g ulp (Tulp ulp+1 H)](ylp?1 )

=?

ulp?1

g g g (Gv Tvulp (Tulp ul

p+1

H))(ylp?1 )dv

since H(x1 , yl1 , . . . , ylp?1 , ·) ∈ D, for every x1 , yl1 , . . . , ylp?1 . Using Fubini’s theorem, the right-hand side becomes

ulp ulp?1 g g Tu1 ul Tul

1

1

ul2

g . . . Tul

p?3

g ulp?2 Tulp?2 ulp?1

g g [(Gv Tvulp U (x1 , yl1 , . . . , ylp?1 , ·))(ylp?1 )](x1 )dv

where U (x1 , yl1 , . . . , ylp?1 , ylp ) :=

g = h (x1 , yl1 , . . . , ylp?1 , ylp ) ? (Tulp ul i?1 ′

p+1

H(x1 , yl1 , yl2 , . . . , ylp?1 , ·))(ylp )

=

R2(i?1)?p j=2 i

hj (yπ(j) ? yπ(j)?1 )

i?1

[hi (x1 +

j=2

(yπ(j) ? yπ(j)?1 )) ? hi (x1 +

j=2

(yπ(j) ? yπ(j)?1 ))]

Qg l u

2(i?1)?1

g ul2(i?1) (yl2(i?1)?1 ; dyl2(i?1) ) . . . Qulp ulp+1 (ylp ; dylp+1 )

This concludes the proof. 2

References

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[6] Cairoli, R., and Dalang, R.C. (1996). Sequential Stochastic Optimization, John Wiley, New York. [7] Dalang, R.C., and Walsh, J.B. (1992). The sharp Markov property for L?vy e sheets. Ann. Probab. 20, 591-626. [8] Dalang R.C., and Walsh, J.B. (1992). The sharp Markov property for the Brownian sheet and related processes. Acta Math. 168, 153-218. [9] Ferguson, T.S. (1973). A Bayesian analysis of some nonparametric problems. Ann. Stat. 1, 209-230. [10] Ivano?, B.G., and Merzbach, E. (2000). Set-indexed Markov Processes. In Stochastic Models, Proceedings of the International Conference on Stochastic Models, June 1998, Carleton University. Canadian Mathematical Society Conference Proceedings 26, pp. 217-232. [11] Ivano?, B.G., and Merzbach, E. (2000). Set-Indexed Martingales, Chapman & Hall/CRC, Boca Raton, London. [12] Korezlioglu, H., Lefort, P., and Mazziotto, G. (1981). Une propri?t? ee markovienne et di?usions associ?es. Lect. Notes in Math. 863, Springere Verlag, 245-276. [13] Lawler, G.F., and Vanderbei, R.J. (1981). Markov strategies for optimal control problems indexed by a partially ordered set. Ann. Probab. 11, 642647. [14] L?vy, P. (1948). Exemples de processus doubles de Marko?. C.R.A.S. 226, e 307-308. [15] Mazziotto, G. (1988). Two-parameter Hunt processes and a potential theory. Ann. Probab. 16, 600-619. [16] McKean, J.H.P. (1963). Brownian motion with a several-dimensional time. Th. Probab. Applic. 8, 335-354. [17] Nualart, D. (1980). Propriedad de Markov para functiones aleatorias gaussianas. Cuadern. Estadistica Mat. Univ. Granada Ser. A Prob. 5, 30-43. [18] Nualart, D., and Sanz, M. (1979). A Markov property for two-parameter Gaussian processes. Stochastica 3, 1-16. [19] Russo, F. (1984). Etude de la propri?t? de Markov ?troite en relation ee e avec les processus planaires ` accroissements ind?pendantes. Lect. Notes a e in Math. 1059, Springer-Verlag, 353-378.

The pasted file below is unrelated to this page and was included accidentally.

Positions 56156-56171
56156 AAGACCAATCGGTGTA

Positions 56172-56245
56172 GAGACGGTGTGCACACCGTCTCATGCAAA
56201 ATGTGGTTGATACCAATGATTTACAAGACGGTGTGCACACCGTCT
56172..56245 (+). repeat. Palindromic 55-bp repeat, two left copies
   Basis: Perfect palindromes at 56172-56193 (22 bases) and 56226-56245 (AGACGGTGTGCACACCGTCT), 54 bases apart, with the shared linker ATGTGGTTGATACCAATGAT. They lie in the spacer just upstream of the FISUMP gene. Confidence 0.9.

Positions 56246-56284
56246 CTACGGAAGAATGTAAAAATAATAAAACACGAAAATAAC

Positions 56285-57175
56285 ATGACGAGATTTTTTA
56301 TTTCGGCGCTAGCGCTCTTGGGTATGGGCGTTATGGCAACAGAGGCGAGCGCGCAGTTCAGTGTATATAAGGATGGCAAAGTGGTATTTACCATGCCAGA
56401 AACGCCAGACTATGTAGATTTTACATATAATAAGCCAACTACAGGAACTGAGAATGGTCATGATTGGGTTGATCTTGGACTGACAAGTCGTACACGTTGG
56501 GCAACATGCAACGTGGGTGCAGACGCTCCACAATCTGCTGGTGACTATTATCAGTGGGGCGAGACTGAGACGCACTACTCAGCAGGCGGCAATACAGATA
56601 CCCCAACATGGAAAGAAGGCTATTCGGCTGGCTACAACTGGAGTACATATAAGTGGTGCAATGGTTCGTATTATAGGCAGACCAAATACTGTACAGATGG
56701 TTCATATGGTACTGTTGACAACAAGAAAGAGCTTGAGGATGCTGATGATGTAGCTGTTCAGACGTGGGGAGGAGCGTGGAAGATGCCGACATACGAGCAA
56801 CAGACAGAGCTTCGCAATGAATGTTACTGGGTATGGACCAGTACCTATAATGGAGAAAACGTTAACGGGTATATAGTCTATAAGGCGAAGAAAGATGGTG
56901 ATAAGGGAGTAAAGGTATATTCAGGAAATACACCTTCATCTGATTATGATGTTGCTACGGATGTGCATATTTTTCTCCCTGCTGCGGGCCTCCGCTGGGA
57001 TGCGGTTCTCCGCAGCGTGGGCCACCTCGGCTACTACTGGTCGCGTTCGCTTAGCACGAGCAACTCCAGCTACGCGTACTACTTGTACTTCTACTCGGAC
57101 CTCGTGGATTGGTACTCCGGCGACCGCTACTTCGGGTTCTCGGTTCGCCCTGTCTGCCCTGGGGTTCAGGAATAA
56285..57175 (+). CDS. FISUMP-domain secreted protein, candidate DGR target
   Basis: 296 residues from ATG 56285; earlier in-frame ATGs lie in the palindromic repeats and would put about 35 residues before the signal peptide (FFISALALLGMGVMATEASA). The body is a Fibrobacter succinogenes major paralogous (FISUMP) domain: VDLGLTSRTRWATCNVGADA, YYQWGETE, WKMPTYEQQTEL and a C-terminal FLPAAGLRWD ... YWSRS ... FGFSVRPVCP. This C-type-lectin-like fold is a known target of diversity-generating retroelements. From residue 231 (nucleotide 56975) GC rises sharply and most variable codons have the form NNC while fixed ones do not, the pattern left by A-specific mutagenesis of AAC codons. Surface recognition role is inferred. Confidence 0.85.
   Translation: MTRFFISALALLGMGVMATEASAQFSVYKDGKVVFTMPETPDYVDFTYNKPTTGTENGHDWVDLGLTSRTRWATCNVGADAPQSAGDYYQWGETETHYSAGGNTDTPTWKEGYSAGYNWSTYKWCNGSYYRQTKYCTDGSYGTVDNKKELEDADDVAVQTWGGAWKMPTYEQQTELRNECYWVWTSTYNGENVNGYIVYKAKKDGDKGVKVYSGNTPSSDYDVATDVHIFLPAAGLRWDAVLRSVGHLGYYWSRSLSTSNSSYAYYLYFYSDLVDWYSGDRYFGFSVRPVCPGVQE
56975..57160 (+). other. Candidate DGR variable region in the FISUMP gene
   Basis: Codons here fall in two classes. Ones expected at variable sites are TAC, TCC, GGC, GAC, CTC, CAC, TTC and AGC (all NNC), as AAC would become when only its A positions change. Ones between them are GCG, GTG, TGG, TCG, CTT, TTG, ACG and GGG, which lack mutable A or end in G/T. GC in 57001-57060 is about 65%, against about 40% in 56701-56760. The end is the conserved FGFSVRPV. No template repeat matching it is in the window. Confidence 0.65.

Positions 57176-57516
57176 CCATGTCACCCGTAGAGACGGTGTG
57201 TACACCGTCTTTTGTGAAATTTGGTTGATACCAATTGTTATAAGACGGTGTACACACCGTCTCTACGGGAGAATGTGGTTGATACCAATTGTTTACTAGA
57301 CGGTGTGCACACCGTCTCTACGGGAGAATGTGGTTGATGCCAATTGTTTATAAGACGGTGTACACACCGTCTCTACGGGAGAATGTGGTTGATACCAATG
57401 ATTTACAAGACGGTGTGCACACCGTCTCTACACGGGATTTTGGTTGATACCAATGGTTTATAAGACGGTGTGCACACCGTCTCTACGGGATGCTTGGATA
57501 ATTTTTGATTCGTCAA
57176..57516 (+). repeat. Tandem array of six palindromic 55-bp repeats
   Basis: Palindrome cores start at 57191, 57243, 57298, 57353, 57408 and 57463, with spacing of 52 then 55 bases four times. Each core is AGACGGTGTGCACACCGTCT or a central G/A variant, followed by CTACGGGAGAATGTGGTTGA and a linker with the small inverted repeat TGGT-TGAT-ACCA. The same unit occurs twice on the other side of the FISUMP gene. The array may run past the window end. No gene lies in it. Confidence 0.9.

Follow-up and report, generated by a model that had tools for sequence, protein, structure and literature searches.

A Markov property for set-indexed processes

34

[20] Walsh, J.B. (1976-1977). Martingales with a multidimensional parameter and stochastic integrals in the plane. Cours III cycle, Laboratoire de Probabilit?s, Univ. Paris VI. e [21] Wilks, S. S. (1963). Mathematical Statistics, John Wiley.